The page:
6. Neglecting Strength Training

Runner’s love to run. The problem is that runner’s generally only want to run. As exercise goes, running is hard to beat but it doesn’t address every aspect of your fitness. Your exercise routine should be holistic, which means cardio, strength and flexibility training (see next).

Running makes your cardio-respiratory system strong. But you also need to be structurally strong. To be a good runner, to be healthy and to avoid injury you need to have strong muscles, tendons and ligaments. Not just a strong heart and strong lungs.

So strength training should be a key part of your weekly workout schedule. It allows you to strengthen your muscles, ligaments and tendons to make you stronger, fitter, better runner.

The good news is that a little goes a long way. A mere 15 to 20 minute strength workout geared toward runners twice a week is generally enough.

7. Forgetting To Stretch

Strength and endurance are important for runners, but so is flexibility. Running is an activity that is very repetitive and has a relatively short range of movement. This can lead to short, tight muscles, which over time can lead to muscle imbalances, poor running performance, and if you’re prone to them – the dreaded (and vastly painful) muscle knots.

When you’re flexible your body has a greater range of motion, it is more efficient, it can make better gains in endurance and strength, it’s less prone to injury, recovers faster, and simply feels better!

Stretching only takes a few minutes but can save you weeks of missed training.

Stretch after you run, not before. Or stretch later in the evening. Stretch (but don’t strain) your calves, quads and hamstrings for a total of 10 to 15 minutes.

If your flexibility poor consider doing additional stretching sessions throughout your week. If you suffer with muscle knots try foam rolling to help release them. Be sure to always warm-up (dynamic warm-up) before and cool down properly after a run.

A favorite stretch of runners is the runners lunge:

Take a large step forward and bend your front knee. Lower your rear knee to the ground. Make sure your front shin is and remains vertical to the ground. Keeping your torso upright, slide your rear leg backwards and allow your hips to sink down towards the floor. Hold the deepest position you can comfortably hold for 30 to 60 seconds before changing legs and repeating.

The runners lunge stretches your hips and can undo much of the shortening affect of running. If you feel your hips lack mobility and/or you spend long hours sitting at a desk or in your car, perform this stretch a few times a day to keep your hips supple and healthy.

8. Not Tapering Your Training

When you run you want to get better at it – to constantly improve. To run faster, further, longer. To continue progressing as a runner, vary your training and start thinking in terms of training seasons or cycles.

Improving your running is like a dance routine – three steps forward and one step back. The step back – a period where you coast a little and back off on training intensity and volume – allows your body to recover between harder periods of training. So be sure to incorporate a periodic rest week into your training, for example one week in every six. These mini-breaks will prevent you hitting a performance plateau and reduce your risk of suffering overuse injuries.

Take a break before you need a break and your running will improve slowly, surely and consistently.

9. Poor Lifestyle Habits

The health benefits of running are immense, but it’s just one part of all the things that make up a healthy lifestyle. No matter how hard you try, you can’t outrun unhealthy habits!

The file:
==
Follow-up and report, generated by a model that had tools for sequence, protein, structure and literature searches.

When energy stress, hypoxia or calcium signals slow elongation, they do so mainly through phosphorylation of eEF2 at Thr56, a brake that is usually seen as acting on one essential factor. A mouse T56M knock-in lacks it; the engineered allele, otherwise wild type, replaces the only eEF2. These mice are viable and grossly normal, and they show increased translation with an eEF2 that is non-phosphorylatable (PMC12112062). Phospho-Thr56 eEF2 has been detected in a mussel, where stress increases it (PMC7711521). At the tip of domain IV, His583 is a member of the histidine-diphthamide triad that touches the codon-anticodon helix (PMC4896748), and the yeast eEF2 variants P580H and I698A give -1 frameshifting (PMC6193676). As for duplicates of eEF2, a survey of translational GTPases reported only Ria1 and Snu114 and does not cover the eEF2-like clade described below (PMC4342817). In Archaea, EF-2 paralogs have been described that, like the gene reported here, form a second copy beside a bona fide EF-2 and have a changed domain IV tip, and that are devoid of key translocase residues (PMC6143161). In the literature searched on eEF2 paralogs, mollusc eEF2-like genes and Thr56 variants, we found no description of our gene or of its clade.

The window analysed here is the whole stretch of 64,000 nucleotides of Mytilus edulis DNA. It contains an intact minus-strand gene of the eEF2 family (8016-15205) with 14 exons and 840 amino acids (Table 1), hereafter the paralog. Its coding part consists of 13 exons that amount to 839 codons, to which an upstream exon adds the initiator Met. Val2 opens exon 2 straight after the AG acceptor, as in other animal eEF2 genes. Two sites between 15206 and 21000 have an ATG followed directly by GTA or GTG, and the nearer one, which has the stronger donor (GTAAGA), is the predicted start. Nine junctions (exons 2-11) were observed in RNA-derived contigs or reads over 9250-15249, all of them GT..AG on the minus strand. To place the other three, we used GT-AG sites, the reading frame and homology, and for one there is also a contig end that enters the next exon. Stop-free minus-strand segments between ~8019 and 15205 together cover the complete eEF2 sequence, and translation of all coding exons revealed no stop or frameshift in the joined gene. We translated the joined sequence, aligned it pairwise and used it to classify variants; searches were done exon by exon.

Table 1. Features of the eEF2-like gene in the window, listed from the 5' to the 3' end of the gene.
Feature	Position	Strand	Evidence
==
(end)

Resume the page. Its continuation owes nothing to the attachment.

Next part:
Avoid these mistakes:

  • Insufficient sleep – shoot for 7-9 hours per night
  • Eating a nutritionally-poor diet. To power your body through your running workouts aim “eat clean” i.e. plenty of fresh produce, lean meat and healthy fats. Avoid processed foods, excessive fat and sugar, fad diets and very low calorie diets. You need energy and nutrients to run.
  • Too much stress. Avoid excessive stress when you can and learn to manage your stress levels through stress-reducing techniques.
  • Smoking. If you haven’t already, it’s time to cut down and quit. Exercise doesn’t make up for smoking. Nor does exercise make up for a bad diet or for being overweight. Exercise mitigates the health risk of inactivity. That’s all. Smoking (like the other health risks) is a separate health risk, and no lifestyle change – including exercise – can counteract its effects, apart of course from giving it up.
  • Excess alcohol. Moderate amounts of alcohol may help improve cardiovascular health but too much is definitely a bad idea. So cut down for the sake of your liver, brain and belly.
  • Not drinking enough water.

If you get all your exercise and lifestyle ducks in a row it’s like 2 + 2 = 50! You’ll get so much more from your running workouts, your energy levels will soar and you’ll feel far more healthy. Running is great but it is not a “cure all” that will allow you to abuse your body and ignore the rest of your lifestyle. Pay attention to the things you do when you aren’t running and you’ll find your running will vastly improve.

When and what you eat before, during, and after your runs also has a huge impact on your running performance and recovery. Check out what to eat before, during and after a workout.

10. Running Shoe Woes

Over time running shoes lose their supportive and cushioning ability, which can lead to changes in running gait and even injury.

Change your running shoes on a regular basis and not simply because they’re looking dirty and worn. External signs of wear and tear are not a always a good indicator that your shoes are past their best as the materials that cushion and support your feet are on the inside and so not visible. By the time you can see the midsole material poking through the outsole or once the sole under the heel looks crushed, the running shoes are long past their prime.

It’s hard to tell exactly how long a pair of running shoes will last – it depends on a number of factors including your weight, running style, and preferred running surface. But most experts agree that you should replace your shoes every 300 – 500 miles.

If after a regular run it feels as if your running shoes aren’t providing you adequate protection, they probably aren’t! Most runners replace their shoes too late.